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Trends03 August 2020

“We should invest in technologies that put people, usability and privacy at the center”

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We already hear about textiles that kill the virus, about applications that tell us whether we’ve recently seen a person infected with the coronavirus, and about a number of solutions to ensure our safety. This is what the near future of the tech world will look like?

Some of such solutions are justified, the question is to what extent they are effective and available on a larger scale. I believe less in the potential of popularizing protective clothes, clothing intended to protect us against viruses and germs, mainly due to the entry barrier in the form of price – it is rather a product for a narrow group of better-off consumers who were best protected during the pandemic, because they were the least subject to exposure to the virus, social group. However, access to tools that guarantee access to proven information and recommendations is very much needed. South Korea, a country set as an example of coping with a pandemic, has placed among the four main steps in fighting it, providing its inhabitants with real-time information on events and recommendations, available online and offline. It was about meeting fear and spreading fake news.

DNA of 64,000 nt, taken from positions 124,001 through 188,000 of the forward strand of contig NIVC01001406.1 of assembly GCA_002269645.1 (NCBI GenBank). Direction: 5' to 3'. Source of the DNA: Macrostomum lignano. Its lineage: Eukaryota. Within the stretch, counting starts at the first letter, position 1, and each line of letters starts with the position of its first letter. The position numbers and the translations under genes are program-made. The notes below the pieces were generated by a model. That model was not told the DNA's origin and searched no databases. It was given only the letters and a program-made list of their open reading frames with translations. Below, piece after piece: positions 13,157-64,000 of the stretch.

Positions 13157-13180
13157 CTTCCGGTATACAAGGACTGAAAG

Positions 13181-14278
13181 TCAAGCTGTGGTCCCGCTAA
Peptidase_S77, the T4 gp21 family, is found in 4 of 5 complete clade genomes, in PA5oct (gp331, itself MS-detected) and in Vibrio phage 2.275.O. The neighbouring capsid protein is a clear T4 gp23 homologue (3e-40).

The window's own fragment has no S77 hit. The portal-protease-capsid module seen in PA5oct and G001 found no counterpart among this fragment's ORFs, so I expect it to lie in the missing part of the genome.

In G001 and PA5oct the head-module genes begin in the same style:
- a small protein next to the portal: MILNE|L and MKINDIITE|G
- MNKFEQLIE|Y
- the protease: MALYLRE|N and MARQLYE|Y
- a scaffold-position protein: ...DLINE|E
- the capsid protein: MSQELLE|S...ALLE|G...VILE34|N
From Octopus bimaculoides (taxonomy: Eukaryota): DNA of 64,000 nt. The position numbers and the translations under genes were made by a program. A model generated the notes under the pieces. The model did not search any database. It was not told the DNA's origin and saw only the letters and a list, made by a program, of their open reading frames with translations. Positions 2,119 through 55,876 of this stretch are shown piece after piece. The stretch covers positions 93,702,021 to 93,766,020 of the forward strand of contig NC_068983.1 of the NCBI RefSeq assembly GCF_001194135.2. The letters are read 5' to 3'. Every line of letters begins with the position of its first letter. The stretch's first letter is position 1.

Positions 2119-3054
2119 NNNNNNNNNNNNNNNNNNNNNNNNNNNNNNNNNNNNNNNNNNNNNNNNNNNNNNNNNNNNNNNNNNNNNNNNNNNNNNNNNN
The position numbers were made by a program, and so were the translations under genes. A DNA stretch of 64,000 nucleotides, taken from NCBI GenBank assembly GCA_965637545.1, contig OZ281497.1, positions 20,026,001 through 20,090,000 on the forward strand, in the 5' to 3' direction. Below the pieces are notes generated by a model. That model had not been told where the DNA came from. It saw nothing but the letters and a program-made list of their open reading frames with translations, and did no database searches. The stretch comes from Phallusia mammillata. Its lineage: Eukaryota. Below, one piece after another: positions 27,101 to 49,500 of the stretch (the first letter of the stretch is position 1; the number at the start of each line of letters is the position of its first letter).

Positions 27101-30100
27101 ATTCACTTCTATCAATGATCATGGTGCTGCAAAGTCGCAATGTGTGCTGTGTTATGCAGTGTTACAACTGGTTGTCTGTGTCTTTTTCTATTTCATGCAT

Knowledge is an effective weapon in the fight against a pandemic, thanks to technology people have obtained proven guidelines, they knew how to react, how to take care of themselves and their loved ones. Technology was and will be equally important in the post-pandemic period, if only for the sake of our health and safety. It is important that their development and operation take place democratically, while maintaining the privacy of users. In Korea, which I mentioned in a positive context, but also in several other Asian countries, the technology was used in an intrusive way that would be viewed extremely in normal times.

We should invest in technologies that put people at the center, usability and care not to misuse the information collected. During a pandemic, humans posed the greatest threat to others, as opposed to technology. Hence, there are so many examples of the automation of many processes, of crossing human participation out of the equation. This won’t last forever, however. We cannot socialize only online, through Facebook Rooms, etc. As beings created to build communities, we missed real meetings, hence we moved so rapidly to parks and other places where we loved to be together in BC times (Before Coronavirus times).

It is a part of an interview with me, for reading in the July issue of Newonce Paper.

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